14 CFR § 450.101 - Safety criteria.

prev | next
§ 450.101 Safety criteria.

(a) Launch risk criteria. For any launch, an operator may initiate the flight of a launch vehicle only if all risks to the public satisfy the criteria in this paragraph (a). For an orbital launch, the criteria in this paragraph apply from liftoff through orbital insertion. For a suborbital launch, or a suborbital launch and reentry, the criteria in this paragraph apply from liftoff through final impact or landing.

(1) Collective risk. The collective risk, measured as expected number of casualties (EC), consists of risk posed by impacting inert and explosive debris, toxic release, and far field blast overpressure. Public risk due to any other hazard associated with the proposed flight of a launch vehicle will be determined by the Administrator on a case-by-case basis.

(i) The risk to all members of the public, excluding persons in aircraft and neighboring operations personnel, must not exceed an expected number of 1 × 104 casualties.

(ii) The risk to all neighboring operations personnel must not exceed an expected number of 2 × 104 casualties.

(2) Individual risk. The individual risk, measured as probability of casualty (PC), consists of risk posed by impacting inert and explosive debris, toxic release, and far field blast overpressure. The FAA will determine whether to approve public risk due to any other hazard associated with the proposed flight of a launch vehicle on a case-by-case basis.

(i) The risk to any individual member of the public, excluding neighboring operations personnel, must not exceed a probability of casualty of 1 × 106 per launch.

(ii) The risk to any individual neighboring operations personnel must not exceed a probability of casualty of 1 × 105 per launch.

(3) Aircraft risk. A launch operator must establish any aircraft hazard areas necessary to ensure the probability of impact with debris capable of causing a casualty for aircraft does not exceed 1 × 106.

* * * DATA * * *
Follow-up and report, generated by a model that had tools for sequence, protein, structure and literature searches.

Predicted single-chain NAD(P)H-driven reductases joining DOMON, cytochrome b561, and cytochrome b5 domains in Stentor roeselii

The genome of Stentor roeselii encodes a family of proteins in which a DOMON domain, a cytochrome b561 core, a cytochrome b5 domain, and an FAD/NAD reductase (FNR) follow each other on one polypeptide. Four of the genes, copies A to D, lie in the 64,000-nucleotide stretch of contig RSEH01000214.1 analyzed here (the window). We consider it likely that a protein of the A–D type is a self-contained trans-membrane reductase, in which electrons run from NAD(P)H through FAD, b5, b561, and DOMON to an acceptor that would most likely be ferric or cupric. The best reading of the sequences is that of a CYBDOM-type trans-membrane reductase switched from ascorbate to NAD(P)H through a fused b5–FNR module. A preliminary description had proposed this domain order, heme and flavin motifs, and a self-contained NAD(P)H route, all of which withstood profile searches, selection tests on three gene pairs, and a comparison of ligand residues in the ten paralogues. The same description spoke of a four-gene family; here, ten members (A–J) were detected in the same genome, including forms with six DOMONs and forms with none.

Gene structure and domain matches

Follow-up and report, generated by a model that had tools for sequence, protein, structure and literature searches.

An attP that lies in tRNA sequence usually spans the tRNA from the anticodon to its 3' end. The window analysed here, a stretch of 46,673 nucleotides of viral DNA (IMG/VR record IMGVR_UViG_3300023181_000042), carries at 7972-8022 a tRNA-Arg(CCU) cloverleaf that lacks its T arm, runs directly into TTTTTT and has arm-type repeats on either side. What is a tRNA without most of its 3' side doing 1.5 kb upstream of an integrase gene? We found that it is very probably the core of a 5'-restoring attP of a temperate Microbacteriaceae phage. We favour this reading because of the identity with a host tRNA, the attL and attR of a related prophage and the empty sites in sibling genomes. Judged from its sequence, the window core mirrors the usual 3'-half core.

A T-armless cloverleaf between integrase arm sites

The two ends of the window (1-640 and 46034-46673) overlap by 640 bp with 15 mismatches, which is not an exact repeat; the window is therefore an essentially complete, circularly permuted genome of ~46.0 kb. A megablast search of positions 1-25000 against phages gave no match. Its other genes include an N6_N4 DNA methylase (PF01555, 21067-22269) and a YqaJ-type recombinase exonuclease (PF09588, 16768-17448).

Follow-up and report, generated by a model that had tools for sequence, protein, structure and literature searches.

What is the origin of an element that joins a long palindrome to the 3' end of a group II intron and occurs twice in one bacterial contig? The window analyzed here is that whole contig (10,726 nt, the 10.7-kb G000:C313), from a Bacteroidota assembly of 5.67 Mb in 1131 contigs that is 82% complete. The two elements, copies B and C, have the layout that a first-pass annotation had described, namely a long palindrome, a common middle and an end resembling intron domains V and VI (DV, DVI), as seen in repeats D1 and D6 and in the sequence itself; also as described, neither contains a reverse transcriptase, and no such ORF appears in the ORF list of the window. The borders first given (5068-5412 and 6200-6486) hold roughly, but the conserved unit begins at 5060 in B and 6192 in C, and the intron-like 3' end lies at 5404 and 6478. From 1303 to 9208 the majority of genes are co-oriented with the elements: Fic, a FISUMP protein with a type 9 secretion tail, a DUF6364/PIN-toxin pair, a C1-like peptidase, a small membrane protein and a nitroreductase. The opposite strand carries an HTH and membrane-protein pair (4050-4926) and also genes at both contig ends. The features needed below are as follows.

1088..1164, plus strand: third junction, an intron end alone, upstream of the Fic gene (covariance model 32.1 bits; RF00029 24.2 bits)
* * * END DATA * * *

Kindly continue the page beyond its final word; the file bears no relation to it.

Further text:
(4) Risk to critical assets.

(i) The risk to critical assets, measured as the probability of loss of functionality, must not exceed the following probabilities:

(A) For each critical asset, except for a critical payload, 1 × 103 ; and

(B) For each critical payload, 1 × 104.

(ii) The Administrator will consult with relevant Federal agencies, and each agency will identify, for purposes of this part, any critical assets that the agency owns or otherwise depends on. For purposes of this part, the Administrator will accept any identification by the Secretary of Defense that an asset is critical to national security.

(iii) The Administrator or Federal site operator will notify the licensee of any risk to critical assets above the risk criteria in paragraph (a)(4)(i) of this section.

(iv) The Administrator may determine, in consultation with relevant Federal agencies, that a more stringent probability is necessary to protect the national interests of the United States.

(v) The risk criteria in paragraph (a)(4)(i) of this section do not apply to property, facilities, or infrastructure supporting the launch that are within the public area distance, as defined in part 420, appendix E, tables E1 and E2 or associated formulae, of the vehicle's launch point.

(b) Reentry risk criteria. For any reentry, an operator may initiate the deorbit of a vehicle only if all risks to the public satisfy the criteria in this paragraph (b). The following criteria apply to each reentry, other than a suborbital reentry, from the final health check prior to initiating deorbit through final impact or landing:

(1) Collective risk. The collective risk, measured as expected number of casualties (EC), consists of risk posed by impacting inert and explosive debris, toxic release, and far field blast overpressure. Public risk due to any other hazard associated with the proposed deorbit of a reentry vehicle will be determined by the Administrator on a case-by-case basis.

(i) The risk to all members of the public, excluding persons in aircraft and neighboring operations personnel, must not exceed an expected number of 1 × 104 casualties.